POLITICS

NDP Leader Jagmeet Singh Faces These 5 Hurdles

Financial issues aren't the only concern.

10/01/2017 18:08 EDT | Updated 10/01/2017 18:08 EDT
Chris Young/CANADIAN PRESS
Jagmeet Singh listening to a speech before being elected leader of the federal NDP party in Toronto on Sunday. He faces several challenges early on.

OTTAWA — The federal NDP can now turn its focus to some more immediate challenges now that it has settled on Ontario provincial politician Jagmeet Singh as its newest leader.

Here's what tops the list, according to long-time party members:

1. Party unity

One of the most pressing issues for a political party after a leadership race is the issue of party unity and the NDP is no exception, said former party national director Karl Belanger. While the lengthy race to replace Tom Mulcair was not as "divisive and spectacularly aggressive'' as the Conservative leadership competition, he still believes the candidates and their campaigns need to heal their divisions now the race is complete. "It is a difficult thing to do,'' Belanger said. "It doesn't come necessarily automatically.''

Jagmeet Singh on confidence:

2. A byelection in Quebec

Belanger also sees a byelection in Quebec as a pressing issue for the new leader to take on. It is slated for Oct. 23 — a competition sparked by the departure of Conservative MP Denis Lebel. Lebel announced in June he was quitting federal politics after nearly a decade in the House of Commons.

THE CANADIAN PRESS
Conservative MP Denis Lebel asks a question during Question Period in the House of Commons on Oct.3, 2016.

Belanger said the new NDP leader won't have a lot of time to have an impact on the byelection, but he still will be judged by the results. The NDP has 16 seats in the province of Quebec — a province many political observers see as a critical battleground for 2019.

3. Rebuilding the party's finances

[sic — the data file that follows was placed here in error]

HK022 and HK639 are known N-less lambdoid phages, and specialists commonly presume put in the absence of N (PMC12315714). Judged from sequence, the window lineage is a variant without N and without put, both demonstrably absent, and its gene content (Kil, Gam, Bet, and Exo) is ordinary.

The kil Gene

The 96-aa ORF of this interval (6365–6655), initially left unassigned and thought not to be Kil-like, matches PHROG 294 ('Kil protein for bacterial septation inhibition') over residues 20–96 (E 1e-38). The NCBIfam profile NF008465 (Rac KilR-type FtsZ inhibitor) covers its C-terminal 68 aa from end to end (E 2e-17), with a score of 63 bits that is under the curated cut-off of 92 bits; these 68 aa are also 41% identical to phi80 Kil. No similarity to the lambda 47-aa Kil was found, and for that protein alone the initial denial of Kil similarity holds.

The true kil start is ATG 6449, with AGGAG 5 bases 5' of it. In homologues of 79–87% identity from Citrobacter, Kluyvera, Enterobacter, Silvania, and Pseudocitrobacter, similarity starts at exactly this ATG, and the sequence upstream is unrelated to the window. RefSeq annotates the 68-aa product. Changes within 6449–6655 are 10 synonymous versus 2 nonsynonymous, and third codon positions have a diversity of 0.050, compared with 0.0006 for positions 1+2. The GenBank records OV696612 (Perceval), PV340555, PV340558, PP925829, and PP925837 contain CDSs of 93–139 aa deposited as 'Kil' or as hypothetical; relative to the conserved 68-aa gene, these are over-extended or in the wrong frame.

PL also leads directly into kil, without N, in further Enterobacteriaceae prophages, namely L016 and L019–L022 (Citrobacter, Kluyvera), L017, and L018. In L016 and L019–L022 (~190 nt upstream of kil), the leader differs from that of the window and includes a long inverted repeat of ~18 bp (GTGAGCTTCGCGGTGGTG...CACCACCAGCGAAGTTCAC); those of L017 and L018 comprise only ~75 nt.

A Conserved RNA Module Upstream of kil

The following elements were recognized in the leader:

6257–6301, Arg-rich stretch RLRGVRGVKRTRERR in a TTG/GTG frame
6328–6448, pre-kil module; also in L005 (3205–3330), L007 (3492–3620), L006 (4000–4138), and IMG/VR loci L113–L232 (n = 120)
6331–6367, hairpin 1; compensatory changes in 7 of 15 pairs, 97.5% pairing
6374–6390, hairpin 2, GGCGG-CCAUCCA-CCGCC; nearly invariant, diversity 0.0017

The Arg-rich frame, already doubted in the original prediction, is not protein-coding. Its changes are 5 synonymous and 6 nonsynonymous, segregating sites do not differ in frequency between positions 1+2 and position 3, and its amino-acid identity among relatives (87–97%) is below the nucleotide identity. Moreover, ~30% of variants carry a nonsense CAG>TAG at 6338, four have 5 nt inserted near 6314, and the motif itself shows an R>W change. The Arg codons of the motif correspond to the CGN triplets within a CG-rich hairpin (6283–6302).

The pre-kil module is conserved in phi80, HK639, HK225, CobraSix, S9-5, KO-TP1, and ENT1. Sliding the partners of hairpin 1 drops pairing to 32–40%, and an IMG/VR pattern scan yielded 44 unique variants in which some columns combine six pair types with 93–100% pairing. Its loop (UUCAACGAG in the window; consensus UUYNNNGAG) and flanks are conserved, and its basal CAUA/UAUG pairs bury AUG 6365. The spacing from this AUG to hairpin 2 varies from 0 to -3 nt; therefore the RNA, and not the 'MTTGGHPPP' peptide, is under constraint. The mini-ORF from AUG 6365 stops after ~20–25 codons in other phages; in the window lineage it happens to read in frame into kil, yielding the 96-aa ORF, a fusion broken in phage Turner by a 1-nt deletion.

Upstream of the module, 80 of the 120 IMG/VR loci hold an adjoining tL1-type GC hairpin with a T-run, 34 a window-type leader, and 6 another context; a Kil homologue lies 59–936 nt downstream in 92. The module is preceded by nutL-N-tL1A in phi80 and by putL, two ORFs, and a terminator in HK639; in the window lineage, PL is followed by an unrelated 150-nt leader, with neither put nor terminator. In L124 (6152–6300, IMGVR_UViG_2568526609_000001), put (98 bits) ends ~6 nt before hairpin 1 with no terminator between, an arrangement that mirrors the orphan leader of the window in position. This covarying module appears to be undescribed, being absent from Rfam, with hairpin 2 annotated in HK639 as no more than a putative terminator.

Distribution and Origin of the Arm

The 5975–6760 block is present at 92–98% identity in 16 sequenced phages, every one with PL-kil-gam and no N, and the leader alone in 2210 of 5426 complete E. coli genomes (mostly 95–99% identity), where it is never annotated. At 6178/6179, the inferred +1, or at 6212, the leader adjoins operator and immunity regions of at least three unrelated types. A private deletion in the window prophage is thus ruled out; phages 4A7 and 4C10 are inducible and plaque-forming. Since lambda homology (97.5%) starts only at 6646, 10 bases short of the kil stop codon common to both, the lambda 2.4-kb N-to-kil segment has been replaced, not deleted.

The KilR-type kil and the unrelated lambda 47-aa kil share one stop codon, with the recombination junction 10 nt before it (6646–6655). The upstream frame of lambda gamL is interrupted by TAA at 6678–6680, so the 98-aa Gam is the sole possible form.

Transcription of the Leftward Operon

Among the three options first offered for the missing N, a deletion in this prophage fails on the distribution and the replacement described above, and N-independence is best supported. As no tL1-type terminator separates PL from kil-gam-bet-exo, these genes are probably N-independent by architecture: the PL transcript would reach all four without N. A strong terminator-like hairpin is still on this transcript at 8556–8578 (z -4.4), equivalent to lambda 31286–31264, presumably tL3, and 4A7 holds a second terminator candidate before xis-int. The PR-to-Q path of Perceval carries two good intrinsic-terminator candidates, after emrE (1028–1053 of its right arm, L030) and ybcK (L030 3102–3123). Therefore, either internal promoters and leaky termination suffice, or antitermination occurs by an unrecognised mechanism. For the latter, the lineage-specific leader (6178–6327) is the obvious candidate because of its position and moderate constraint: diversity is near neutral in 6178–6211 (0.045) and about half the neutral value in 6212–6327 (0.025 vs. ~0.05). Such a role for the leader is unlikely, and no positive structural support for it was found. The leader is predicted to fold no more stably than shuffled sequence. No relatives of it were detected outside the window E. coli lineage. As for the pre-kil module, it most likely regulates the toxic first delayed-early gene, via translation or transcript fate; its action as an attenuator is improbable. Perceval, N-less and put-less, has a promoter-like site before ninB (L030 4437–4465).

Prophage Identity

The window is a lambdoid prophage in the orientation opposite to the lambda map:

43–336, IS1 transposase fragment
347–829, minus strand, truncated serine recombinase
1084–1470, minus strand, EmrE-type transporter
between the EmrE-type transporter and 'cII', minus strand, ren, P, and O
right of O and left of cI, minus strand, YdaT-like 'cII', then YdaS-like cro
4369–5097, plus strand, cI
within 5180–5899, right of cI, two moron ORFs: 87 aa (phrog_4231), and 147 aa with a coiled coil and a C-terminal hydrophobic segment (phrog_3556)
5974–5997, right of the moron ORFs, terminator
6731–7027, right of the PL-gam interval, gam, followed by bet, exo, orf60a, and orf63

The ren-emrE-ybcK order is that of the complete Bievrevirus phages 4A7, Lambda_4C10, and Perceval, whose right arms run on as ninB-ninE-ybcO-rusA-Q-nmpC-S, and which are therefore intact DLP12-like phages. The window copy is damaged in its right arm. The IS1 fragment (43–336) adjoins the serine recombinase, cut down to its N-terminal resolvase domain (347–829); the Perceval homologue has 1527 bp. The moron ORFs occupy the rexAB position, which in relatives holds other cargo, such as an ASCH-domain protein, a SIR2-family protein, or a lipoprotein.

Financial issues have dogged the NDP following the last election and the party will have to do considerable work to pull in money, pay off debt, and look at its national election campaign for 2019 — an incredibly costly venture. Elections Canada returns show the party has some $5.5 million worth of debt to contend with and the new leader will need to get cash flowing to party coffers if it is going to be competitive in time for Canadians to head back to the polls.

4. Connecting with Canadians

One of the biggest hurdles for any new leader is reaching out to Canadians and increasing name recognition. The party says it has a plan in place to introduce the new leader, though it has not announced details.

Chris Wattie / Reuters
Former NDP leader Thomas Mulcair at a news conference in Ottawa on January 18, 2016.

Much work is also required behind the scenes as the party looks to build its brand around a new face after five years of Tom Mulcair's leadership. Andrew Scheer, who took over the Conservative party in May, had to spend the summer on the barbecue circuit and in regions where the party is looking to pick up seats in 2019. Singh will have to do much of the same.

5. Not having access to the House of Commons

Singh does not have a seat in the House of Commons — a challenge both Layton and former leader Alexa McDonough confronted after becoming leader. Singh will have to name a new leader in the House in his absence to hold down the fort with 44 MPs and go toe-to-toe with Trudeau in question period.

Chris Wattie / Reuters
Canada's Prime Minister Justin Trudeau during Question Period in the House of Commons on June 14, 2017.

Singh has said he will consider running in a byelection prior to the next election, but he has assured members he will use the time outside of the Commons to work on rebuilding the party and meeting with supporters. David Coletto, the CEO of polling firm Abacus Data, said he does not see the need for a seat as a pressing issue for Singh and the NDP.

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